Rethink Your Tech Talent Strategy: Identifying and Utilizing Undervalued Sources
Are you tired of scouring tech hubs and major cities for top tech talent, only to come up empty-handed or face fierce competition for the few diamonds in the rough you do find? It’s a tough market out there, and it can be easy to feel like you’re spinning your wheels trying to build a strong tech team. After all, there are currently five open positions for every software developer in the United States.
But while it may seem like there’s a shortage of top-notch tech talent out there, the truth is that the job market is changing—and you can leverage this change to build an even stronger team than you could have imagined.
We’re talking about one of the growing tech HR trends in 2023, and that’s tapping into undervalued sources for tech talent. These are the software developers and engineers who may not have the most impressive resumes, but still bring enormous amounts of potential to the table.
The limitations of traditional tech talent sources
Here’s the thing: the traditional sources of tech talent (i.e. top universities and established tech hubs) are great, but they’re not the be-all and end-all. In fact, relying too heavily on these sources can actually limit the diversity and potential of your tech team.
And while it’s true that these sources can provide access to some truly impressive applicants, they often come with high price tags. When you add in the cost of relocation and other benefits, recruiting tech talent from top universities and major cities can be a strain on your budget—not to mention a drain on your time.
Leveraging undervalued sources of tech talent
So, what can you do to find the best tech talent while still keeping an eye on your bottom line? The answer is simple: look beyond traditional sources and start tapping into the vast potential of undervalued tech talent.
Undervalued tech talent refers to professionals who don’t necessarily have a long list of credentials or industry experience, but still possess the skills and passion to make valuable contributions to your tech team. These professionals can come from a variety of backgrounds—from coding boot camps and online educational programs to remote work experiences—and they offer an incredible opportunity to diversify your tech team while staying within budget.
Coding boot camps, in particular, have exploded in popularity in recent years, and they can be a fantastic way for motivated individuals to break into the tech industry. Plus, these programs often have a more practical and hands-on approach, which can be especially valuable in the fast-paced world of tech.
Next, let’s talk about underrepresented groups. It’s no secret that the tech industry has a diversity problem, and it’s high time we did something about it. By actively seeking out and recruiting underrepresented groups (such as women in tech and minority groups), you can not only do your part to promote diversity and inclusion but also tap into a whole new pool of talented individuals who may have been overlooked by traditional recruitment methods.
Finally, consider geographically undervalued areas. It’s easy to default to recruiting in major cities and tech hubs, but have you ever thought about looking beyond those boundaries? Smaller cities and even rural areas can be a goldmine of tech talent, and candidates from these areas may be more open to relocation and willing to work for a lower salary (at least initially). Plus, these areas may have a lower cost of living, which can be a win-win for both the company and the employee.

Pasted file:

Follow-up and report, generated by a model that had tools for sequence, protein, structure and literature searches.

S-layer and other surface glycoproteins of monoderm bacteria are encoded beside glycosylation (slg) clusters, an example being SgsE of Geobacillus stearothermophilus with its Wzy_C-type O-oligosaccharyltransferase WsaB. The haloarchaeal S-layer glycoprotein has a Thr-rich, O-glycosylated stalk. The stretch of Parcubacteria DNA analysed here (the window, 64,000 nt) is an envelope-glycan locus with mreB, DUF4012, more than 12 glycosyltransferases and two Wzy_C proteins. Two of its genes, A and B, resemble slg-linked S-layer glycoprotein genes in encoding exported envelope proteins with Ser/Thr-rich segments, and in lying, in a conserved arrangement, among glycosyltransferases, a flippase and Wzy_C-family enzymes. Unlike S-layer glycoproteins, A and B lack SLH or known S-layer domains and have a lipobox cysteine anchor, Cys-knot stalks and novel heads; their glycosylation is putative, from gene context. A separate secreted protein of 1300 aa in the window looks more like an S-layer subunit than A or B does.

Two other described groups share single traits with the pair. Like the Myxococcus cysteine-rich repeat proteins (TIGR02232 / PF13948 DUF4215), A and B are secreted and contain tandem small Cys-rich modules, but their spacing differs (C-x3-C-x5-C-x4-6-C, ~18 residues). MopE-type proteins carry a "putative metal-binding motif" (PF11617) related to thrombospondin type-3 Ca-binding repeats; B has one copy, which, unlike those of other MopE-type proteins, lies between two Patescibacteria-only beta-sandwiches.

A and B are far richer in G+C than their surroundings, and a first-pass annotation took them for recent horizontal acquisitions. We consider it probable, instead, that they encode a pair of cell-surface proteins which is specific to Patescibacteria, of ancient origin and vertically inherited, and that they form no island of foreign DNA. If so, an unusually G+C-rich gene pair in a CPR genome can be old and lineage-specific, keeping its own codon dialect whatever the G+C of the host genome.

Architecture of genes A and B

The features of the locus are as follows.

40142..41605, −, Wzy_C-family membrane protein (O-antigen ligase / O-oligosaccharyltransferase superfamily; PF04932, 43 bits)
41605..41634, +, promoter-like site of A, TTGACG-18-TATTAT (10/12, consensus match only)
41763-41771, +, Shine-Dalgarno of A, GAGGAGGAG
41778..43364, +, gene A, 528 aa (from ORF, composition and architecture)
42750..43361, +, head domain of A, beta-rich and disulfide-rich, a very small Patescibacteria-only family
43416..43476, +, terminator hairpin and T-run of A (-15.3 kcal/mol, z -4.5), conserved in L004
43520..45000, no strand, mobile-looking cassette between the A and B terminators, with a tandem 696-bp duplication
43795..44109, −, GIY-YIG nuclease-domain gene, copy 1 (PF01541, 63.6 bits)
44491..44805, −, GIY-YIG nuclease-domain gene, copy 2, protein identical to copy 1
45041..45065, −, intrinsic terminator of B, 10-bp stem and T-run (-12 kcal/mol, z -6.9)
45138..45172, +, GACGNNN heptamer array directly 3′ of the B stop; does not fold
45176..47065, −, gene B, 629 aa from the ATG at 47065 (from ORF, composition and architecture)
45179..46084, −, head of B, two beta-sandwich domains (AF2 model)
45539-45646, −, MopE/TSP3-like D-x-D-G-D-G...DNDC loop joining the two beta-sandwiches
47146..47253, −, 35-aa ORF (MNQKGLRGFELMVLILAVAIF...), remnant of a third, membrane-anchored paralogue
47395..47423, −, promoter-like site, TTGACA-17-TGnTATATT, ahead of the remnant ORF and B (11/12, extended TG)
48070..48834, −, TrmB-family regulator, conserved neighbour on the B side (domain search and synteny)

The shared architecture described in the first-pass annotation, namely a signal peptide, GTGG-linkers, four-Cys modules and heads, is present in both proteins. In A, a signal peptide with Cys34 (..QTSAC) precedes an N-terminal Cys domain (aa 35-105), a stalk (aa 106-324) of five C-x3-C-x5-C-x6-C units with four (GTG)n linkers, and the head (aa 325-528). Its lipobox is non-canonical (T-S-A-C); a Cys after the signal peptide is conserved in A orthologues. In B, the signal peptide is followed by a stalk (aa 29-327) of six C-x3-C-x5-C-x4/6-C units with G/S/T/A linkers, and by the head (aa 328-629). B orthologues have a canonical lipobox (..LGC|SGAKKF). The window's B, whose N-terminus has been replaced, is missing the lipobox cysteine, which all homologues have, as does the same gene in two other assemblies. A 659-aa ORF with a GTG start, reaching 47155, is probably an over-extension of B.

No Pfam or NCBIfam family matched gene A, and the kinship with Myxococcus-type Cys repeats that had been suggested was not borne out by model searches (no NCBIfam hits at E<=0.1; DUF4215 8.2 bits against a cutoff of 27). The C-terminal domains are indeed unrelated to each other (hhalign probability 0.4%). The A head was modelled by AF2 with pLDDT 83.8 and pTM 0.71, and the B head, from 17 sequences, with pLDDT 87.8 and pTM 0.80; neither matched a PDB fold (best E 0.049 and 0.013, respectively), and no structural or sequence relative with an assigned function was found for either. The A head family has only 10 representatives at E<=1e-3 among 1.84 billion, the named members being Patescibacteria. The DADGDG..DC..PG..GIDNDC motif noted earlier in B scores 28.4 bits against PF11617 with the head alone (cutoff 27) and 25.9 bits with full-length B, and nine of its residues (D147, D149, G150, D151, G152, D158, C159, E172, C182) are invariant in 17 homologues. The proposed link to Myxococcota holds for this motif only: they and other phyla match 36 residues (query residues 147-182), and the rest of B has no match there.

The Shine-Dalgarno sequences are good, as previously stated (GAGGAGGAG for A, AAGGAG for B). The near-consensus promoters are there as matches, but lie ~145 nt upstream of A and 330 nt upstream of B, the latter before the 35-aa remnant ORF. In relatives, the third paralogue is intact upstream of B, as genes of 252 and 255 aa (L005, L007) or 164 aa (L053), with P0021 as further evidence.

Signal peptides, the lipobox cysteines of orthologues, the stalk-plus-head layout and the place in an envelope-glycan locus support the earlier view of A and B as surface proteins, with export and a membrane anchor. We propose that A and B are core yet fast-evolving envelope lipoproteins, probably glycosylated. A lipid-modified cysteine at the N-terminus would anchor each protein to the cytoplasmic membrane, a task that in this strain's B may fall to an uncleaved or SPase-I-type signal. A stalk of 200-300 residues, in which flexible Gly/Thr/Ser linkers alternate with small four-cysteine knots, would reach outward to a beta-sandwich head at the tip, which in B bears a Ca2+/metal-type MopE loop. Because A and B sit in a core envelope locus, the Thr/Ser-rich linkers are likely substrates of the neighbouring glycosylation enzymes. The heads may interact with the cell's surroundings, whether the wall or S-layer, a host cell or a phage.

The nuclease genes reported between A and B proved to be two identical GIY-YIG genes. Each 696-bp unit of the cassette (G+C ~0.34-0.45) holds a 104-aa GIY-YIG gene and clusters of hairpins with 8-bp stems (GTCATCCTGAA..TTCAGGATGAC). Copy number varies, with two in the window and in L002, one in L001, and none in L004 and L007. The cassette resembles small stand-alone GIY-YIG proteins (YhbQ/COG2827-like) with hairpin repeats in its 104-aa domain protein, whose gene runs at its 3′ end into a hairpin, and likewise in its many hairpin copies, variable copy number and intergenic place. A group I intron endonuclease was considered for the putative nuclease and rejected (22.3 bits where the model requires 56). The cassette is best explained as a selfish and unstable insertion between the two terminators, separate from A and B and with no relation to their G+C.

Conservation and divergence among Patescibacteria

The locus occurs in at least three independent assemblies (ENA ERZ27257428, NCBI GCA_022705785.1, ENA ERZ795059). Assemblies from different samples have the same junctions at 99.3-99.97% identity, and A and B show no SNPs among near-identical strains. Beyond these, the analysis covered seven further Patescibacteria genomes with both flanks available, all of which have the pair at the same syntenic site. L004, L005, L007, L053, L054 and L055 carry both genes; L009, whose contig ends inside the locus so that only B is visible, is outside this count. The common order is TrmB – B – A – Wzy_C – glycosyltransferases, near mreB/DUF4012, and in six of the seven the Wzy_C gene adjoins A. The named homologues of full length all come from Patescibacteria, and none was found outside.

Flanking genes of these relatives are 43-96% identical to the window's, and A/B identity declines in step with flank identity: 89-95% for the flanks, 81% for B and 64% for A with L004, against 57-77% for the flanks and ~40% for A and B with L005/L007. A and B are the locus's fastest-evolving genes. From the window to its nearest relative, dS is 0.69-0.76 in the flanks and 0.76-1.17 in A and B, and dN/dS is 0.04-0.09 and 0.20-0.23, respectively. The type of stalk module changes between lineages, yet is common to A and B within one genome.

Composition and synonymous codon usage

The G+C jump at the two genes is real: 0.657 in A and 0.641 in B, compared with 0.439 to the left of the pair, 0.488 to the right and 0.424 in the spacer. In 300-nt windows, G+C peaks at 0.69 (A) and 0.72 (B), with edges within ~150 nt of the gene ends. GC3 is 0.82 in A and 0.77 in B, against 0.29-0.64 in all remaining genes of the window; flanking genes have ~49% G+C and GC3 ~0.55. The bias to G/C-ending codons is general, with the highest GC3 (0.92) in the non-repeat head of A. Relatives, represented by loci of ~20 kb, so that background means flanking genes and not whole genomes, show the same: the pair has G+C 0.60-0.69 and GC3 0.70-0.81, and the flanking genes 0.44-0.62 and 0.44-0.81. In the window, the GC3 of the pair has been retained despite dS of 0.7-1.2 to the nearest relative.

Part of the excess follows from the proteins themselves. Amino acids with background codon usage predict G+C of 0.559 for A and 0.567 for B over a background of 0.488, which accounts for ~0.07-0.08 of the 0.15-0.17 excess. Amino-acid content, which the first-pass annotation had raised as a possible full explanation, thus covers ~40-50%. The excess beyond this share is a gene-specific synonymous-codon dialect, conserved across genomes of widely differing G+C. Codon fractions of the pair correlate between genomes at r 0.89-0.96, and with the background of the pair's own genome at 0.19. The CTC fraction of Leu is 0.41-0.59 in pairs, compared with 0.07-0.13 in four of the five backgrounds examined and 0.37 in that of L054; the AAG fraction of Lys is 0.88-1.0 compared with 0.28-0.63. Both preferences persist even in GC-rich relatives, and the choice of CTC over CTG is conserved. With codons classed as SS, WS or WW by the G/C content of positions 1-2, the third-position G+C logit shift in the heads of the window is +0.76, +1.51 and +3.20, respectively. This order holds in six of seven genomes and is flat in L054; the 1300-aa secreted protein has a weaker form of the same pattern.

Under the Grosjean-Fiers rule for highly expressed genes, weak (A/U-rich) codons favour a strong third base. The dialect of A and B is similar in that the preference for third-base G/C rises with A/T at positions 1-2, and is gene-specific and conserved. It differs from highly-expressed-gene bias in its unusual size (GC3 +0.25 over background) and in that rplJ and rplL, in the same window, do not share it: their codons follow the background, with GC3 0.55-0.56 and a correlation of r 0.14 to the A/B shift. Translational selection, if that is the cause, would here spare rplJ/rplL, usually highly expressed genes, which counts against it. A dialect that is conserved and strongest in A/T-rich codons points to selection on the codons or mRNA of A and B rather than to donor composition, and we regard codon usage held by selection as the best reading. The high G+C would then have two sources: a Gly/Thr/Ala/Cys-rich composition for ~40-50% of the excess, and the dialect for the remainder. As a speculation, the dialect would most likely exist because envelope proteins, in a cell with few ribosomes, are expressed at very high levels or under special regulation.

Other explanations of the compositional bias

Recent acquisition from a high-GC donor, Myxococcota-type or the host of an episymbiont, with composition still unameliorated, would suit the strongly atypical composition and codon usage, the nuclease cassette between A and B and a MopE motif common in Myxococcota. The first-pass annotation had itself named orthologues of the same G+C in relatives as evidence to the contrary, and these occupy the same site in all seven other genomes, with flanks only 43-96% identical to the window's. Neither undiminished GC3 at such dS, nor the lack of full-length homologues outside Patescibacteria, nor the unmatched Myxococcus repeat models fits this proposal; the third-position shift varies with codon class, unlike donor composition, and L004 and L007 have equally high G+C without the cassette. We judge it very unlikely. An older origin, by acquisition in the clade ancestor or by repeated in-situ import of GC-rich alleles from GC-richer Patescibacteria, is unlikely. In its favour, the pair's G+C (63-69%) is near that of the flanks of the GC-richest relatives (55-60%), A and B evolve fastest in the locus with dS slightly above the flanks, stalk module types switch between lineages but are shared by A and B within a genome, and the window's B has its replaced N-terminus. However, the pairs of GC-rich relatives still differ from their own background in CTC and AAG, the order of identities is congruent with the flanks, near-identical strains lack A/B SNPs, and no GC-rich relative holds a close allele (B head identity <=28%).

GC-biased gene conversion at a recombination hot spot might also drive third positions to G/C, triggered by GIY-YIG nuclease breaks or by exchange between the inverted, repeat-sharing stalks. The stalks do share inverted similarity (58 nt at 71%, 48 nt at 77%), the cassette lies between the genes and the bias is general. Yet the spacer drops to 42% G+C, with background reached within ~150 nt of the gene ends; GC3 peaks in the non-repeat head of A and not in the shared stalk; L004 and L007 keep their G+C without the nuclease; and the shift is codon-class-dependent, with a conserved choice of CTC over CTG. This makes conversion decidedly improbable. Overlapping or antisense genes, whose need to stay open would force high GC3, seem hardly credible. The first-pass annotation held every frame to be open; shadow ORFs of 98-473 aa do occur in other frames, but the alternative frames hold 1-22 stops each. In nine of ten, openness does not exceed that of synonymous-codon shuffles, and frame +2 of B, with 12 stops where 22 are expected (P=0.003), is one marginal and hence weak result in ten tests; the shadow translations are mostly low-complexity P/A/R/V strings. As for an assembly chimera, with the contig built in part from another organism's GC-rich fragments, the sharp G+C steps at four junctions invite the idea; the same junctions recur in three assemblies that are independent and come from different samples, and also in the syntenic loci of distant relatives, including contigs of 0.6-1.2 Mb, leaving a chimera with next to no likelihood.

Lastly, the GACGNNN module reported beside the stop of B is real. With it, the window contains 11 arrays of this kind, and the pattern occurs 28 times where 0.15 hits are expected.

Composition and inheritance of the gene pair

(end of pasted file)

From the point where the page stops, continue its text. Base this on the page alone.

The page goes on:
The secret to implementing undervalued tech talent in your team
As you can see, there are plenty of ways to source and recruit undervalued tech talent, but the key is knowing how to effectively integrate them into your existing team. Here are a few tips to get you started:
- Acknowledge their skills: Undervalued tech talent may not have the same qualifications as more traditional candidates, but they still possess valuable knowledge and experience. Always make sure to recognize and appreciate these qualities during the recruitment process. This means taking the time to get to know them as individuals—their backgrounds, interests, and goals—as well as highlighting how their skills can benefit your team.
- Provide support: Getting settled in a new role within an existing tech team can be intimidating, so be sure to provide plenty of guidance and support when onboarding undervalued tech talent. This could include setting up mentorship programs, offering specialized training, or providing access to professional development resources.
- Offer flexibility: Undervalued tech talent may not have the same industry experience as more experienced professionals, so be willing to provide greater flexibility and autonomy when it comes to tasks and projects. This could mean allowing them to work remotely or adjust their hours to accommodate work-life balance.
At the end of the day, incorporating undervalued tech talent into your team can be an incredibly rewarding experience for both you and your organization. Not only can you access an untapped pool of potential employees and promote diversity in the tech industry, but you may also find some hidden gems who have the skills and enthusiasm to take your team to the next level. Plus, you can rest easy knowing that you’re doing your part to make the tech world a more inclusive and equitable place.